“This all translates into that living wage,” he added.

For some workers, the prospect of not seeing a one dollar increase in the minimum wage was a secondary concern to the cost of living.

“I wouldn’t say it makes much difference,” said a minimum-wage earner at a local eatery who did not wish to be identified. “If wages were increased, everything like groceries or rent would increase.”

Samantha Martin, an employee of another local establishment earning $14.75 an hour, questioned the impact of the one-dollar increase. She expected her wage would be increased after a three month probation period at work, but noted she still lives paycheque  to paycheque.

“But I’m already going to be making that in three months. So does it benefit me? No, not really,” said Martin of the $15 target. Even if the minimum wage hike increased her own wages, she was dubious about the benefit to her, especially if she was bumped into a higher tax bracket. “They need to lower the cost of living, and then they can talk about raising the minimum wage.”

A third employee spoken to at another business said the change from $11.60 to $14 this year was already substantial enough. The employee noted that the change happened around the time she returned to work from maternity leave.

“To me, it’s quite the increase already,” she said.

Harris noted that the Progressive Conservative government was looking to move Ontarians away from a “minimum- wage economy” through their policies, by focusing on creating job opportunities. It’s a strategy that could pay off in the long haul, but asked about those people currently making $14 and struggling to get by – those who could benefit from even the meager $1 an hour increase – Harris pointed to the cost living decreases the government was pushing.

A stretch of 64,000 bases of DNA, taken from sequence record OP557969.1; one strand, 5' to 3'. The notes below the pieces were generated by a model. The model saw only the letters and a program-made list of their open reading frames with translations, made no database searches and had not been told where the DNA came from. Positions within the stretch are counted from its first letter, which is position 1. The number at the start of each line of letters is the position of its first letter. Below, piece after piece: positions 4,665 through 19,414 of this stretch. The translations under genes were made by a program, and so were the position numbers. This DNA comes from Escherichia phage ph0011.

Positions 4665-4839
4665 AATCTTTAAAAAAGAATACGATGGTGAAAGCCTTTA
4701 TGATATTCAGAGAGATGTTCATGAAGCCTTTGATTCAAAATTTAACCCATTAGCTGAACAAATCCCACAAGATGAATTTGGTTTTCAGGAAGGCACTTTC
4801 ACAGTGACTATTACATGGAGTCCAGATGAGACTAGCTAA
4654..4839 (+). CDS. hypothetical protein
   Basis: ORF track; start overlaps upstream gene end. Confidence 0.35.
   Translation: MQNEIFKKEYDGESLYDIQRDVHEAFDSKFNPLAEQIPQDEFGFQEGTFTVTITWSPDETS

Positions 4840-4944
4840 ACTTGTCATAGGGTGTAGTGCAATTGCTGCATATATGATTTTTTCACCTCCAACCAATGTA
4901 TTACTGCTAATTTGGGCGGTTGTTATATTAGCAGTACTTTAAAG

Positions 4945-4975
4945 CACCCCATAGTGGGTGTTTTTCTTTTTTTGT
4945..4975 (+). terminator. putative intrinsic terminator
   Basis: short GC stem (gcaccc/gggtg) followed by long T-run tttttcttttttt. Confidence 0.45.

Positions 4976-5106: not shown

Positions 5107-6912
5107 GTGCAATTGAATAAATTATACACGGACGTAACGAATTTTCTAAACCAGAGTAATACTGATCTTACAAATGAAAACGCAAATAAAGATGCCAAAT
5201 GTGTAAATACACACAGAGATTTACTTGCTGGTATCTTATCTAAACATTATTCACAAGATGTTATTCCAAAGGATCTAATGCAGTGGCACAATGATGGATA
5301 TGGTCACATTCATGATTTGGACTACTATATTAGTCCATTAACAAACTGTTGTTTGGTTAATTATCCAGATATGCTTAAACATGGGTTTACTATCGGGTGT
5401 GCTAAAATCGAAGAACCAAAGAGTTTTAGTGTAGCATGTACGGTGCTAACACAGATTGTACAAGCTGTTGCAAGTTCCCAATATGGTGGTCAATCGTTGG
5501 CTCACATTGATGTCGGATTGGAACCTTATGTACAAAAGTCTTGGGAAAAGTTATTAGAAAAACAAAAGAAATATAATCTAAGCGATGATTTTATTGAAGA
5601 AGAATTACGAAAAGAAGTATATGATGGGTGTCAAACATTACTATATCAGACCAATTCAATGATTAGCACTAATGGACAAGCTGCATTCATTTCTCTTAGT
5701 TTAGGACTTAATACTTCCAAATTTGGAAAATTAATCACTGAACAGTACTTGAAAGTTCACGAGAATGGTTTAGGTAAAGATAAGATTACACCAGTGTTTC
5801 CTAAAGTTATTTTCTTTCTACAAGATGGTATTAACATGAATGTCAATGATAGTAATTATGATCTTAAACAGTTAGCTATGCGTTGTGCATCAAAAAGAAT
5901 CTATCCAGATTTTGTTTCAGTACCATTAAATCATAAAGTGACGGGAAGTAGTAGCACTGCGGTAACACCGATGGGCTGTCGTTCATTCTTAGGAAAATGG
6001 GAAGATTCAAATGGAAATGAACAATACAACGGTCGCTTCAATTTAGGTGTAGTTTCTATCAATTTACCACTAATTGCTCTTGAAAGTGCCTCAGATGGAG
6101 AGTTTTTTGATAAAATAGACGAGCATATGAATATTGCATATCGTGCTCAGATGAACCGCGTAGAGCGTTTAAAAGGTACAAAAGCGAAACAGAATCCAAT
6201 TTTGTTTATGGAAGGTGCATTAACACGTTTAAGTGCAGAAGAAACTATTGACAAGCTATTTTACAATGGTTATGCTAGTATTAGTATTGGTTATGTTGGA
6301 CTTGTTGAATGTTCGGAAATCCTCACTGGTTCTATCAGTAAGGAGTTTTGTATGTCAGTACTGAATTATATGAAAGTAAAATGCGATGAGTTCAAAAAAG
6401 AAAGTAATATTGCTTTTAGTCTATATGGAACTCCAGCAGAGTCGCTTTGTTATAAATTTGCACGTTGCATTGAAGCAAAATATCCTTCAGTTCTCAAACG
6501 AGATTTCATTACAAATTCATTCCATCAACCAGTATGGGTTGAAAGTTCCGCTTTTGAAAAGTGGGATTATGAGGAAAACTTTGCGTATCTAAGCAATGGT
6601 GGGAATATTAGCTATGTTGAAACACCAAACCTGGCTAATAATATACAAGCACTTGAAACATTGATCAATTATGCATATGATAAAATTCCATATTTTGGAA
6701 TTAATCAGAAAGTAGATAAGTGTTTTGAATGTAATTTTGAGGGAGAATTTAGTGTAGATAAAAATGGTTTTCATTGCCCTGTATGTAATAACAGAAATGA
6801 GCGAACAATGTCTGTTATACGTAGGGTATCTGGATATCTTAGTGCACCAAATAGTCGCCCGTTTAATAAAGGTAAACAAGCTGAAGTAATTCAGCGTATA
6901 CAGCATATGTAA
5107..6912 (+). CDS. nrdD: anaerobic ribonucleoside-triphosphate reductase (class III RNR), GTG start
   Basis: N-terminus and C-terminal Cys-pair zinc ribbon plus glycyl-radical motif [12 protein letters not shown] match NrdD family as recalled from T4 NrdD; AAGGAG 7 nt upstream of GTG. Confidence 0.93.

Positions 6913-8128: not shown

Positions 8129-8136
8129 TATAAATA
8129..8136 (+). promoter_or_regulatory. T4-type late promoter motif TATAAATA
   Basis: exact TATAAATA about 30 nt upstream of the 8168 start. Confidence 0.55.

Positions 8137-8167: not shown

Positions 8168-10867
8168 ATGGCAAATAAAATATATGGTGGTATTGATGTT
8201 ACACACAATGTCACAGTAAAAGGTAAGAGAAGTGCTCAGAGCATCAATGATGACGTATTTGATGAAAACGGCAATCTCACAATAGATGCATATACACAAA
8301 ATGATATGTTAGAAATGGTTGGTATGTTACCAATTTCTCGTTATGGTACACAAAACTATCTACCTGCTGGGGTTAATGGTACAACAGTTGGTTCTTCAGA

“I think we’ve already shown leadership with that being able to decrease the provincial portion of the income tax will help make up some of that difference for Ontarians,” said Harris. “So we are taking steps to make sure that we help respect the people that are working minimum wage, but we want to see them move forward with their careers.”

Whether the PC government’s direction will benefit minimum-wage workers, and the province as a whole, will be determined with time and data. In the meantime, as the minimum wage holds for another two years, those hoping to see their wages rise will have to bargain with their employers, or seek new employment opportunities.

Those in the townships hoping to do the latter can find support through Woolwich Community Services, for instance.

“What Woolwich Community Services does is offer a variety of options to those seeking employment,” said Leigh-Anne Quinn.  “We have a job board that lists local jobs, we have computers that are available for the general public to use when job searching, and we provide free faxing and photocopying services for job purposes.”

Professional coaching is also available by drop-in or appointment, while the WCS’s services are open to anyone, including those already employed.

“We have a career work coach from Conestoga College’s employment program into our office once every two weeks for job seekers who are looking for additional assistance writing resumes and cover letters,” said Quinn.

LEAVE A REPLY

Please enter your comment!
Please enter your name here